Friday, 6 September 2019

Questions (1159, 1162, 1166)

Joan Burton

Question:

1159. Deputy Joan Burton asked the Minister for Health if his attention has been drawn to the cost overruns in respect of the senior care centres programme; if an assessment has been carried out of the likely impact of cost overruns on the senior care centres programme; and if he will make a statement on the matter. [36038/19]

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Joan Burton

Question:

1162. Deputy Joan Burton asked the Minister for Health the position regarding the proposed 100-bed senior care centre on the grounds of Connolly Hospital, Blanchardstown; if cost overruns will have an impact on the proposed 100-bed senior care centre; if so, the impact in this regard; and if he will make a statement on the matter. [36041/19]

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Joan Burton

Question:

1166. Deputy Joan Burton asked the Minister for Health the amount of capital investment proposed in respect of each senior care centre by county in tabular form. [36045/19]

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Written answers (Question to Health)

I propose to take Questions Nos. 1159, 1162 and 1166 together.

Community Nursing Units (CNUs) are an essential part of our national healthcare infrastructure. However, many units are housed in buildings that are less than ideal in the modern context. The Government’s Capital Investment Programme 2016-2021 provided for investments totalling €535m to replace, upgrade and refurbish up to 90 public facilities across the country, which would bring them into compliance with new regulations from 2022.

The programme provides for a phased approach, with new builds and larger projects sequenced towards the end of the six-year period. Most of the funding comes from the Exchequer Capital Plan, with €150m to be sourced through Public Private Partnerships.

In considering the phasing of the projects over the 6 years, the HSE has had regard to the Capital funding available each year. The programme of works prioritises the completion of smaller projects in the earlier years of the Plan with larger projects, including those to be developed under the PPP model, to be commenced later.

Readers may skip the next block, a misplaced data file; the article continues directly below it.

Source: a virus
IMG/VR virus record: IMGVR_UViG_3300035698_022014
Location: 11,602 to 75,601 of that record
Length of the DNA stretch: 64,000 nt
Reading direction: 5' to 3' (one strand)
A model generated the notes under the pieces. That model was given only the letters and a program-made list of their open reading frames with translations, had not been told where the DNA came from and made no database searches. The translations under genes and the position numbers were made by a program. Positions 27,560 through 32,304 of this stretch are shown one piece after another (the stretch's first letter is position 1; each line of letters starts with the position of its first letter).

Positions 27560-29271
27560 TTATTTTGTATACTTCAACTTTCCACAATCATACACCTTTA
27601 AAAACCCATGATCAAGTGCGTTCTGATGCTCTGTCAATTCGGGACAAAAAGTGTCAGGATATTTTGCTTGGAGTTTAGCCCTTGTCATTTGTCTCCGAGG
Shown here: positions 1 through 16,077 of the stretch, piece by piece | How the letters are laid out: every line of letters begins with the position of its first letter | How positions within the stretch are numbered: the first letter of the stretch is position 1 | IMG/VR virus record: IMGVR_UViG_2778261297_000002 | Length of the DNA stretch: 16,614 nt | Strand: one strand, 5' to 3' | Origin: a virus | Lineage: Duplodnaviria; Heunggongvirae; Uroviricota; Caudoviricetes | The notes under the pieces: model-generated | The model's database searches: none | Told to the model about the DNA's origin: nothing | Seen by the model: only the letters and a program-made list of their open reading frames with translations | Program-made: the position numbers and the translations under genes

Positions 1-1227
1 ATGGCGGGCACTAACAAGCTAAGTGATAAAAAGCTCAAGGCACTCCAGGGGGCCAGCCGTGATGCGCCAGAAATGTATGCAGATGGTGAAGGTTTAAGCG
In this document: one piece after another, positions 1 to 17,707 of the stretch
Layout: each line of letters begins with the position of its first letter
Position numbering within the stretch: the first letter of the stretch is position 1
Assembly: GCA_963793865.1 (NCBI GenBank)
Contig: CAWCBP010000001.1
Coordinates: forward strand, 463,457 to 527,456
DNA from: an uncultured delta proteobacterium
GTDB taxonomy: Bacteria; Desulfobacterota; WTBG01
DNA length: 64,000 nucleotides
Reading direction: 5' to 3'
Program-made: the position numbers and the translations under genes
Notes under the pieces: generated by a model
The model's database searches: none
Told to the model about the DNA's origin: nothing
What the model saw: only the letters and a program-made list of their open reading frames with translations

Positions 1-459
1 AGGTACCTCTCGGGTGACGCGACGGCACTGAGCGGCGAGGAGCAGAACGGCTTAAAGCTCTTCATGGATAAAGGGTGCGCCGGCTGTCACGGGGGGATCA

Through normal ongoing engagements with the HSE it has recently advised that significant progress has been made and almost 30% of the projects have been completed to date. Construction is underway on a number of others, while the remainder are at various stages of appraisal, planning and/or design.

The HSE has indicated to the Department of Health two and a half years in advance of the December 2021 regulatory deadline that it expects over 80% of the projects will be complete or under construction by that time. While this represents substantial progress on the Programme, it is recognised that not all centres are likely to be completed within the originally planned timeframe.

The HSE has recently commenced an integrated package of work to examine each of the CNU projects as to their current status, next stages of development, timelines and costs.

The Department and the HSE are in early engagement which allows for the issues to be worked through to determine the best course of action and to discuss the extent of additional costs and any measures that could be adopted to mitigate challenges arising.

The HSE Capital Plan, published recently, provides for €220m capital funding to the CNU programme over the period 2019 to 2021 and also sets out the current status of all projects within the programme.

As the Health Service Executive is responsible for the delivery of public healthcare infrastructure projects, I have asked the HSE to respond directly to you in relation to the status of individual projects.